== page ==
The new LiveScribe Sky wifi smartpen takes a great idea and makes it even better now that it includes Wi-Fi and uses Evernote for note and audio storage.
The original LiveScribe smartpen recorded both audio and a digital version of a writer’s notes. The pen links the two together so a user can tap a spot in their written notes and the pen plays the audio associated with that spot. Users offload the notes via USB to a computer and store them for later user.
With the upgrade to the Sky wifi smartpen, the user no longer connects their pen via USB, except for charging purposes. Now the notes and linked audio offload via Wi-Fi to Evernote. That’s a better option. Our review of the original LiveScribe smartpen found the software acceptable, but it’s not as good as Evernote. Pen buyers get an extra 500MB of additional upload capacity in their Evernote account. Get the 8GB pen they throw in a premium subscription to Evernote for a year which raises the data transfer limit and adds priority OCR for scans.
With Evernote included, students can study their class notes using their phone or tablet during the commute to and from school. Business people can get access to meeting notes on the road without hauling out their laptop.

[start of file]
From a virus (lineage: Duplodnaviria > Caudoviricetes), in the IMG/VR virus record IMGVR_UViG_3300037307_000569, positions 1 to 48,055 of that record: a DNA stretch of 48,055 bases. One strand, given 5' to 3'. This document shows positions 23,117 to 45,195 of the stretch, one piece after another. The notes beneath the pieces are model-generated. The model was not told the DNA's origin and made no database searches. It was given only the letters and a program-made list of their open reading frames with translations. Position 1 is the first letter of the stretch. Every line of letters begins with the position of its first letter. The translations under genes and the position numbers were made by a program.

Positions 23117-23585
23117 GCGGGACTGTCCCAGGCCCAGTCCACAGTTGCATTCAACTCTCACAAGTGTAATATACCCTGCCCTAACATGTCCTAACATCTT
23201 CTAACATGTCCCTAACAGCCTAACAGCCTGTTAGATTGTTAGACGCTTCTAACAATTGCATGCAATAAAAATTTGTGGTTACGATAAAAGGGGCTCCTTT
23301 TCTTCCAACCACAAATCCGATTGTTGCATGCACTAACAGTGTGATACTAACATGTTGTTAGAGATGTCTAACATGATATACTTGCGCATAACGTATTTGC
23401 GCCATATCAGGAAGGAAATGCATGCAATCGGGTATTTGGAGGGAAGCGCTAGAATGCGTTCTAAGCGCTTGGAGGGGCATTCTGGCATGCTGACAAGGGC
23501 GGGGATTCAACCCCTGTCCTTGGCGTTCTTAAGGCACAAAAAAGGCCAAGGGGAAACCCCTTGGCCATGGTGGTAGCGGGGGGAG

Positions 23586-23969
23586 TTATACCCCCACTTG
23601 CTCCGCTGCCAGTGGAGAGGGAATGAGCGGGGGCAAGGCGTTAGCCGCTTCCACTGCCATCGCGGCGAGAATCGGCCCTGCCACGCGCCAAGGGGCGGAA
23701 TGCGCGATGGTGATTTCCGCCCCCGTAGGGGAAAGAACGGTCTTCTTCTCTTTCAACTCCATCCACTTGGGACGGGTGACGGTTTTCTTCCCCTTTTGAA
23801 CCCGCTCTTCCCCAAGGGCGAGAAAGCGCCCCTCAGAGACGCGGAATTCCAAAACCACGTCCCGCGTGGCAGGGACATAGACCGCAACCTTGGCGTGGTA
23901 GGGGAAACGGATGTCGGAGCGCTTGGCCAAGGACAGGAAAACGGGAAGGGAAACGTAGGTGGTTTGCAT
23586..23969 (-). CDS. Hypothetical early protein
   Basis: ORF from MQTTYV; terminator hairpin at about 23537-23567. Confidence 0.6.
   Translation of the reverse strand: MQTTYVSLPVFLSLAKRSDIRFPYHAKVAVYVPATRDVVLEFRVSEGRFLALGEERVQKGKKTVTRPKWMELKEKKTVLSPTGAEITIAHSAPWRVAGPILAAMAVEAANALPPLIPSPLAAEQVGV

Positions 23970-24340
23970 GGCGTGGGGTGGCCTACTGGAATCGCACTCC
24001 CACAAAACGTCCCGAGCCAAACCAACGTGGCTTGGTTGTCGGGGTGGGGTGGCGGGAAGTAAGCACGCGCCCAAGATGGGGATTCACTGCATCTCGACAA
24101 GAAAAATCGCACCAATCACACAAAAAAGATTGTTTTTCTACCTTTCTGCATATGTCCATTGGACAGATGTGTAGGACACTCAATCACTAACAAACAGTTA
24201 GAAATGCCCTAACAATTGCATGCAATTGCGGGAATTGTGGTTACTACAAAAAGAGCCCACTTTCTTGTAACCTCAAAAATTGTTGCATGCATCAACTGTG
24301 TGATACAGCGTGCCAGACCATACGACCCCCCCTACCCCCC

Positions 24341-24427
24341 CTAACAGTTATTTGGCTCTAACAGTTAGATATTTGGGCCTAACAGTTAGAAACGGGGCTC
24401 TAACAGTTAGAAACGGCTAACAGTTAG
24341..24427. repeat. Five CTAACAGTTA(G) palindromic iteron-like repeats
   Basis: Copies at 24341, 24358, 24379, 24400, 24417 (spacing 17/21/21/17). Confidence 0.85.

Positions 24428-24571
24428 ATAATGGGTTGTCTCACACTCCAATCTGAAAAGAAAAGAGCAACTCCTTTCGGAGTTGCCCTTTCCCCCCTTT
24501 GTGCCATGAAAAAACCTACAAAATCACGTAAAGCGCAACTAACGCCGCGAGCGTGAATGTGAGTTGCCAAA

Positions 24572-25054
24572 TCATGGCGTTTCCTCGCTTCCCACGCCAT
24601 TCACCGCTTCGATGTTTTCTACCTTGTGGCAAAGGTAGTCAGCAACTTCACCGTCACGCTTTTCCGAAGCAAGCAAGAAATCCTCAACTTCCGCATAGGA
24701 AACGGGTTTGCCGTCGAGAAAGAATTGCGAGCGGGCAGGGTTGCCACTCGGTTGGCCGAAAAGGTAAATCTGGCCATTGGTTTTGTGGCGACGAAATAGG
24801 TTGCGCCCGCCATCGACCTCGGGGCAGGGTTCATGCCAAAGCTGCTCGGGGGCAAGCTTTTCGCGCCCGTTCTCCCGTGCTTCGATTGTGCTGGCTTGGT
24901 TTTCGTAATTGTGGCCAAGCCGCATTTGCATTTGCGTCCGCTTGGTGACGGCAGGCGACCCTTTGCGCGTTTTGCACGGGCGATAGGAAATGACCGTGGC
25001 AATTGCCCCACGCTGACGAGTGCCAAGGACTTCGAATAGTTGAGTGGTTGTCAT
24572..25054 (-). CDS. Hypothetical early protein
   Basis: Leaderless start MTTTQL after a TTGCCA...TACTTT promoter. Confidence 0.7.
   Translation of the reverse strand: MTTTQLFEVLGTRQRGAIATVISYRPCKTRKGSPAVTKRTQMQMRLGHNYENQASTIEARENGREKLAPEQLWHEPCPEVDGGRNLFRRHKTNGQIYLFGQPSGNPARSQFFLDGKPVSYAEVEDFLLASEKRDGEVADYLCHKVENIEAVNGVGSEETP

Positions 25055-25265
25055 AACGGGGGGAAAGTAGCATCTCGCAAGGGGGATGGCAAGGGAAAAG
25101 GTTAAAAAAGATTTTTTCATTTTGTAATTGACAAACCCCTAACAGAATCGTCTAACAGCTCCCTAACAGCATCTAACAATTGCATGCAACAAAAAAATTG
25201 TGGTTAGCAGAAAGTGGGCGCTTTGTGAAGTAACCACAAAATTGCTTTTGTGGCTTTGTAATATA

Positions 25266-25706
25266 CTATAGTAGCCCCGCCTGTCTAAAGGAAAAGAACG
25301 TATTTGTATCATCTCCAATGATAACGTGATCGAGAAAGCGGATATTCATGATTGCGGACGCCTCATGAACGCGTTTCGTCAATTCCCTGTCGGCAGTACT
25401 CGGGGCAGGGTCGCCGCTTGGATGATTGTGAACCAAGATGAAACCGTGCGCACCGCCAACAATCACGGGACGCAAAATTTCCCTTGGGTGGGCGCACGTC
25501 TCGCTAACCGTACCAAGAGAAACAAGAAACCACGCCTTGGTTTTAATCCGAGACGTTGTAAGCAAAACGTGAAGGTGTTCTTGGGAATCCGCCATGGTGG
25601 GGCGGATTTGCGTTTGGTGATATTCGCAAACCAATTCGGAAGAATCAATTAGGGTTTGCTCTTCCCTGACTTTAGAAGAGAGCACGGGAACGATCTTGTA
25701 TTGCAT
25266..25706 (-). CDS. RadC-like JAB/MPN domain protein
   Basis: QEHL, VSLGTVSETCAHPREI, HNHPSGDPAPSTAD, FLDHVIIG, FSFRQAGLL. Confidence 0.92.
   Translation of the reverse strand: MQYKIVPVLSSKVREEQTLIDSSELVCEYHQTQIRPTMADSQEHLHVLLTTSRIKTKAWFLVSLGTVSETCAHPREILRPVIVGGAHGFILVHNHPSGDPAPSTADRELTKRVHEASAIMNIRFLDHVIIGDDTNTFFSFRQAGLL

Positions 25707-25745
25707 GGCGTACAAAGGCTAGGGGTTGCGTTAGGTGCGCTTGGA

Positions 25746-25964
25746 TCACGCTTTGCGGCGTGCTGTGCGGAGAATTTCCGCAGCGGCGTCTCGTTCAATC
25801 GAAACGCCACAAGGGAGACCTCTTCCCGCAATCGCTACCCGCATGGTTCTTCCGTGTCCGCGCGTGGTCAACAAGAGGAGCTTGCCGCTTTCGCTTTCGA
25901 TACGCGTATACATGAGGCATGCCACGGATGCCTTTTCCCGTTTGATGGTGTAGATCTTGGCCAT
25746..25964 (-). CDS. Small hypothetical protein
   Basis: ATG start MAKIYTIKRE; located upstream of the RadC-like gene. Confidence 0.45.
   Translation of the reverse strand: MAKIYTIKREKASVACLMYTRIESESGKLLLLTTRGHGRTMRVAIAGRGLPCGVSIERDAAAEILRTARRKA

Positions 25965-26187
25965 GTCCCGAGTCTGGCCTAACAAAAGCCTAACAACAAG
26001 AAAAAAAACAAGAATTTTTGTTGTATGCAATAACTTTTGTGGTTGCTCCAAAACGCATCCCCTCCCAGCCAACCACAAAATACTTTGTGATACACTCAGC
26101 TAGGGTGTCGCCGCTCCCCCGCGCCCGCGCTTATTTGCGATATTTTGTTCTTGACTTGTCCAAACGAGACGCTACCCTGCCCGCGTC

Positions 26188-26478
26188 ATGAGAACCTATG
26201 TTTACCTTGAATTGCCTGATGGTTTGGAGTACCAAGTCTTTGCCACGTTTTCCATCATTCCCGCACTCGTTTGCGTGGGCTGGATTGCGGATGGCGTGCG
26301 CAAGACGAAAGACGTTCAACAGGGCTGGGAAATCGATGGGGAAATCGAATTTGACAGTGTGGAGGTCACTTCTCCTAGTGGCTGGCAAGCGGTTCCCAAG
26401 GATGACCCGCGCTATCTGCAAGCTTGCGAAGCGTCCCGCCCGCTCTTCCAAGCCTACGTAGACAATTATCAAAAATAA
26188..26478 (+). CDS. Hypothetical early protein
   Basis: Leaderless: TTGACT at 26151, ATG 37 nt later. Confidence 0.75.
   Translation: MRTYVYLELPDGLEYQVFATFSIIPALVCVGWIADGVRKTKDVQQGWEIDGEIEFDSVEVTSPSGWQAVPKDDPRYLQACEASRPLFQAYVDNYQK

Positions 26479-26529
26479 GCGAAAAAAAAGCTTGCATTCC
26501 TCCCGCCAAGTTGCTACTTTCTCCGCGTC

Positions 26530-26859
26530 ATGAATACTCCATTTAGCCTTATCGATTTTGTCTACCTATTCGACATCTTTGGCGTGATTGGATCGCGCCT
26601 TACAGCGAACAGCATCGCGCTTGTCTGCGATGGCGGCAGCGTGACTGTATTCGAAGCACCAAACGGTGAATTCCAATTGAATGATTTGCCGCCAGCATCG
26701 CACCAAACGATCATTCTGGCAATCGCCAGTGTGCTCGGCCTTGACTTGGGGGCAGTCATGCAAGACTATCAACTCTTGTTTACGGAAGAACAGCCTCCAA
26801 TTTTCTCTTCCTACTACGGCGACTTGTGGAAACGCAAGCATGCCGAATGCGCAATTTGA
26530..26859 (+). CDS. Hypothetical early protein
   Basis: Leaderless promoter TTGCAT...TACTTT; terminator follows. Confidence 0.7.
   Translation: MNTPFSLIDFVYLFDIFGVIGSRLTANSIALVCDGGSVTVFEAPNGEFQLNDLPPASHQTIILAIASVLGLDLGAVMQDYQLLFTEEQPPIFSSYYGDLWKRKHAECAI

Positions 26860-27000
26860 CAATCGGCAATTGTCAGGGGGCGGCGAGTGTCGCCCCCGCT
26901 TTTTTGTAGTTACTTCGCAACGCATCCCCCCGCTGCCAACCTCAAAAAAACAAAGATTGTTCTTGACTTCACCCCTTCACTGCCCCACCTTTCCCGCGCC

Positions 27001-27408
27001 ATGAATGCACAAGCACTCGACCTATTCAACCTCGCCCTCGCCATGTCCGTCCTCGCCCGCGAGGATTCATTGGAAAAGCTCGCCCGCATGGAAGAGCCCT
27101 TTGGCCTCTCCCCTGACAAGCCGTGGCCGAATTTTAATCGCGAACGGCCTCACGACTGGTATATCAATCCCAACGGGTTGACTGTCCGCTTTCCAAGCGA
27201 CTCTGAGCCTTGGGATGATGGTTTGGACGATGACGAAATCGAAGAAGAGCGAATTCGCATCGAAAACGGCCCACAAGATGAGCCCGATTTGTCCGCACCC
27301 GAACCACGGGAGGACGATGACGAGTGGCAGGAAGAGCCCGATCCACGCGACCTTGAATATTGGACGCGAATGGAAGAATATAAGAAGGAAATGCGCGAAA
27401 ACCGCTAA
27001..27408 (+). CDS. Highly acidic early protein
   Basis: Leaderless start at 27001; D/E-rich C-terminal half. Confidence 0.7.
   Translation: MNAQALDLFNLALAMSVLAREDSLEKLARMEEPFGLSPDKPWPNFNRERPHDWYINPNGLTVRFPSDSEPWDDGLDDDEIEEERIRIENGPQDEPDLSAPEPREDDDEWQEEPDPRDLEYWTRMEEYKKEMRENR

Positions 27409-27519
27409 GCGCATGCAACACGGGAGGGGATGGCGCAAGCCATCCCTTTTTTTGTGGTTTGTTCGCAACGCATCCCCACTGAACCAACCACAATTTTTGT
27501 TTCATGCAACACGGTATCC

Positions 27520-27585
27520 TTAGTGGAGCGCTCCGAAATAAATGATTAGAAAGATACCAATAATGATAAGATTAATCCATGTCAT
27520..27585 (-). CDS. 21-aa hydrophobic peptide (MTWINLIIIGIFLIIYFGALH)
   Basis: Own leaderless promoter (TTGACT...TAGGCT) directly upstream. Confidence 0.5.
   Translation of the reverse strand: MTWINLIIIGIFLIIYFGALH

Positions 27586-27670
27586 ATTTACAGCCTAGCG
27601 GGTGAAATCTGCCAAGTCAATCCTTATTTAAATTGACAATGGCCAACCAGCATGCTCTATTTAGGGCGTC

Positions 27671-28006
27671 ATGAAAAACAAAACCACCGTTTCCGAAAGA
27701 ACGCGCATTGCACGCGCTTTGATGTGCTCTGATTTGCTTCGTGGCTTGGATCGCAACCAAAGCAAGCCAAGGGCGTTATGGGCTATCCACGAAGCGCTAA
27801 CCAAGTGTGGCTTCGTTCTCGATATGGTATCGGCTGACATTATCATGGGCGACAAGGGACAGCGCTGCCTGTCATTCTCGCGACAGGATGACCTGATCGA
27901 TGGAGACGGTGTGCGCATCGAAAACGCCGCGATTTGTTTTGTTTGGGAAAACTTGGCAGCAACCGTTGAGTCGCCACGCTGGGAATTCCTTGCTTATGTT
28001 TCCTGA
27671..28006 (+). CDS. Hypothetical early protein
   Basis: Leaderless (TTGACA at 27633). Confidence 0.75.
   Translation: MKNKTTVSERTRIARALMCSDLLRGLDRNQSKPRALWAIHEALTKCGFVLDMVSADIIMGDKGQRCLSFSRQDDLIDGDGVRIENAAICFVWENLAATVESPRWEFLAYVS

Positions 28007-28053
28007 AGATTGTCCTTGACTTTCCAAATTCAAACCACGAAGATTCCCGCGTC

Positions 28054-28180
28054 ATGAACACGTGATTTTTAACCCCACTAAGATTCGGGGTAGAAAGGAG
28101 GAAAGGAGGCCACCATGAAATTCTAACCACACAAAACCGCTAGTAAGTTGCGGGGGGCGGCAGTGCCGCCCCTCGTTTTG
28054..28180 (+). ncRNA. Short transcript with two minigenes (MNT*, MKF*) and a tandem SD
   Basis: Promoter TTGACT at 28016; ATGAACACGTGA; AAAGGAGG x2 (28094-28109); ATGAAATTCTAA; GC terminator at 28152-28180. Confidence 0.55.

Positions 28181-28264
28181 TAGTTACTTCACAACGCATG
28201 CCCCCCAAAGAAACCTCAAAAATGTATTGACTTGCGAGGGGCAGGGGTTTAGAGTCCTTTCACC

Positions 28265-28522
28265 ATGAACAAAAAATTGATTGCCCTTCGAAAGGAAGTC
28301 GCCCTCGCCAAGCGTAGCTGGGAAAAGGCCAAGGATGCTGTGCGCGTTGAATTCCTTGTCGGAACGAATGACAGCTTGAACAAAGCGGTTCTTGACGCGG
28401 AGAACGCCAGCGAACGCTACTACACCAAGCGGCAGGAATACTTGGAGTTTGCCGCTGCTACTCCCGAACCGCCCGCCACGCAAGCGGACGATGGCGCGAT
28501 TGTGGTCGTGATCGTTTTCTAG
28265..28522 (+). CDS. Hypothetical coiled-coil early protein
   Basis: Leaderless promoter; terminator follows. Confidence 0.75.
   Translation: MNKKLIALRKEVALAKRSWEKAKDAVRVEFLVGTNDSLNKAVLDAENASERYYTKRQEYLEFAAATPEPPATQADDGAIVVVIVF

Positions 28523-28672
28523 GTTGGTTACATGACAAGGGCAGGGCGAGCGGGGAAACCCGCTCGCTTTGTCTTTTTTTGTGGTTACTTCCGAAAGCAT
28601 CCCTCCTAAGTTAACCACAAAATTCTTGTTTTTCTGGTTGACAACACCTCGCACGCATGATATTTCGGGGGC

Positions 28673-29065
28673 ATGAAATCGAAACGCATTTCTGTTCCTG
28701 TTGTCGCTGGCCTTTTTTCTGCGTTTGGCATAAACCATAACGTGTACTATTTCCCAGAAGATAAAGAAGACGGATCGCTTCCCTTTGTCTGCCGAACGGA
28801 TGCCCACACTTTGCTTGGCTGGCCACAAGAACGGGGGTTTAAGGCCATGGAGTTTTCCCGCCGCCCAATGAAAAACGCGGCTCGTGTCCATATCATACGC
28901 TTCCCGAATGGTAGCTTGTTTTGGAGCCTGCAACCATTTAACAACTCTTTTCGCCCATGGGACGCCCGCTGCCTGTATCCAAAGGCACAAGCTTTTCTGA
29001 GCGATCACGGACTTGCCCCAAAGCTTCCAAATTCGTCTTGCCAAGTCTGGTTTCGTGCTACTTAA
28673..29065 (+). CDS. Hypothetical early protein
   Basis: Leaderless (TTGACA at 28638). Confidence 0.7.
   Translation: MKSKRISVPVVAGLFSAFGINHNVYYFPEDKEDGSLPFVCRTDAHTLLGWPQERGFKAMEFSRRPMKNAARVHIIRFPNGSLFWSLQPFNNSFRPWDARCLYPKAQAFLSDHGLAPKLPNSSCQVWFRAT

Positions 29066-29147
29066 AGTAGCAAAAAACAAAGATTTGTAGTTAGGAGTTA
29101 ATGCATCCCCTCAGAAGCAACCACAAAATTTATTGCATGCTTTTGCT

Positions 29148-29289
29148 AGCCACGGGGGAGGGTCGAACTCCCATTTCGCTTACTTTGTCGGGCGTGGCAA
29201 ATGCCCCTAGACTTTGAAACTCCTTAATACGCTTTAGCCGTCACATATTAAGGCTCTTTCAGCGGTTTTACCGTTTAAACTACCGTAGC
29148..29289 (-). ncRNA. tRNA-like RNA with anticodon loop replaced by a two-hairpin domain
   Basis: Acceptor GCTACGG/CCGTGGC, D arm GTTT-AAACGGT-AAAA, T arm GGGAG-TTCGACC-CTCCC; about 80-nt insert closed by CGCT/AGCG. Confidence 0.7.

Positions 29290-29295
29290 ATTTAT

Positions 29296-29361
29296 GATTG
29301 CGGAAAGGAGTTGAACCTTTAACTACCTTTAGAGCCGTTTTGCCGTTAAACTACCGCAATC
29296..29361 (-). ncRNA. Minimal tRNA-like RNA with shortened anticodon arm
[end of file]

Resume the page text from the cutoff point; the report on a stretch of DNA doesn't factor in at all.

The pen still looks large and might feel heavy for people with tiny hands. Most will still find it useful even if a little big. The pen helped my middle school son become a lot more productive. He used it in his classes and studied from the digital notes and audio. Seeing and hearing the information helped his learning process.
The pen comes in one of three storage sizes with pricing as follows:
- 2GB – 200 hours – $169.95
- 4GB – 400 hours – $199.95
- 8GB – 800 hours – $249.95
The special Dot Paper hampers the LiveScribe system. A few printers will print the paper, but most users will need to buy expensive notebooks or writing pads. They start at $8.95 for a small flip pad. Pay up to $24.95 for one of the executive quality paper tablets or portfolios.
The LiveScribe system works best for people who love writing on real paper. For those who don’t care about paper, there’s Notability on the iPad. It costs $.99, links digital ink with an audio recording and works with Evernote. The app made its way into our recommended essential college apps.